Mar 22

Mystery Man Behind $100 Million Central Bank Heist Revealed As Bangladesh Moves To Sue Fed:

The incredible story behind the cyber heist that resulted in an $81 million loss for the central bank of Bangladesh continues to get more intriguing. Bangladesh is looking to sue the NY Fed for lapses in protocol, while Philippine officials race to untangle a complex web of bad actors and shady go-betweens that looks like it may lead back to one Kim Wong, who 15 years ago was accused of connecting then-Senator Panfilo Lacson to drug lords. Meanwhile, a cyber security expert who spoke to the police and the media was kidnapped from a motorized rickshaw by men in plainclothes who blindfolded him, threw him in a vehicle, and drove away.

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Mar 16

Plot Thickens In New York Fed Heist As $30 Million In Cash Said Delivered To Mystery Chinese Man

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Mar 10

The Incredible Story Of How Hackers Stole $100 Million From The New York Fed:

The story of the theft of $100 million from the Bangladesh central bank – by way of the New York Federal Reserve – is getting more fascinating by the day.

As we reported previously, on February 5, Bill Dudley’s New York Fed was allegedly “penetrated” when “hackers” (of supposed Chinese origin) stole $100 million from accounts belonging to the Bangladesh central bank. The money was then channeled to the Philippines where it was sold on the black market and funneled to “local casinos” (to quote AFP). After the casino laundering, it was sent back to the same black market FX broker who promptly moved it to “overseas accounts within days.”

That was the fund flow in a nutshell. Continue reading »

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Mar 09

“Where’s Our $100 Million?” – Furious Bangladesh Holds Fed Responsible For Historic Theft:

Someone at the New York Fed messed up.

On February 5, Bill Dudley was “penetrated” when “hackers” (of supposed Chinese origin) stole $100 million from accounts belonging to the Bangladesh central bank.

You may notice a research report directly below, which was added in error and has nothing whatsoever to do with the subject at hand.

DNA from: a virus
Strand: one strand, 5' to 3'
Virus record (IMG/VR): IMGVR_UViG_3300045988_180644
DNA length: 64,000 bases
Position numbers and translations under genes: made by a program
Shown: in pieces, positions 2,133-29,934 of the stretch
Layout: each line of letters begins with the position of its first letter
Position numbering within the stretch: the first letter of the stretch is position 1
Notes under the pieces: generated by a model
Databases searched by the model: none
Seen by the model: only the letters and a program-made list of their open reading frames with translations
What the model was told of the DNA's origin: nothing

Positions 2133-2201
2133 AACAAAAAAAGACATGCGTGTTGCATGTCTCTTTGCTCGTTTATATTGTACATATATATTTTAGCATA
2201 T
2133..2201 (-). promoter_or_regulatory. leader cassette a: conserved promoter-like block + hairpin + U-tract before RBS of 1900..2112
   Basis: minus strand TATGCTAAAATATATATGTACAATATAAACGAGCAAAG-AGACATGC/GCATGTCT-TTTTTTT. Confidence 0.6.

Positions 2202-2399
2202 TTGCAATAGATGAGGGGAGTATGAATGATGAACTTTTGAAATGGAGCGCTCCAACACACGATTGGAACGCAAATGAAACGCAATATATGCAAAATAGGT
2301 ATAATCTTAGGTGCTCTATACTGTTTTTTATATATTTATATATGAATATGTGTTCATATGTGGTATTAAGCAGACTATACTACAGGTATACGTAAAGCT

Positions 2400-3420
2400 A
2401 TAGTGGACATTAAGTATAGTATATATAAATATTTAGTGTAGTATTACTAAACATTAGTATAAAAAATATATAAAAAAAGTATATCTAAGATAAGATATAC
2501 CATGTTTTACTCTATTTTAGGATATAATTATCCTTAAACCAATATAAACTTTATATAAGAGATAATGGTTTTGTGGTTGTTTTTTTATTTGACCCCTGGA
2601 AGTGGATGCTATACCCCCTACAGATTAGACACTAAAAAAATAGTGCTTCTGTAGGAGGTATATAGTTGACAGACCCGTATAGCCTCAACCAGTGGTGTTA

As we reported on Tuesday, the money was apparently channeled to the Philippines where it was sold on the black market and funneled to “local casinos” (to quote AFP). After the casino laundering, it was sent back to the same black market FX broker who promptly moved it to “overseas accounts within days.”

Obviously, that’s hilarious, not to mention extremely embarrassing for the NY Fed. Here’s what the Fed had to say yesterday about the “mishap”: Continue reading »

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Jan 26

stop-global-warming

Pakistan – Biting cold brings life to halt:

Punjab authorities have closed down schools from Jan 26 to 31 because of biting cold, a private TV channel reported.

Bangladesh – At least 286 children hospitalized with cold-related diseases in 24 hours:

Life is almost paralysed by the biting cold in nine upazilas of the district. The poor are burning hay and fallen leaves to keep them warm.

Thailand – More deaths reported from cold weather:

Nine deaths believed to stem from hypothermia reported in Bueng Kan, Nakhon Phanom, Tak, Rayong and Udon Thani provinces.

Record snowfall in South Korea:

Along with severe cold

Taiwan – Hundreds of people trapped by snow:

In addition, the accompanying low temperatures have caused disasters for farmers across the nation.

Parts of Vietnam see first snow EVER:

Buffaloes have recently died due to the extremely cold weather.

First Snow in Guangzhou, China in 88 Years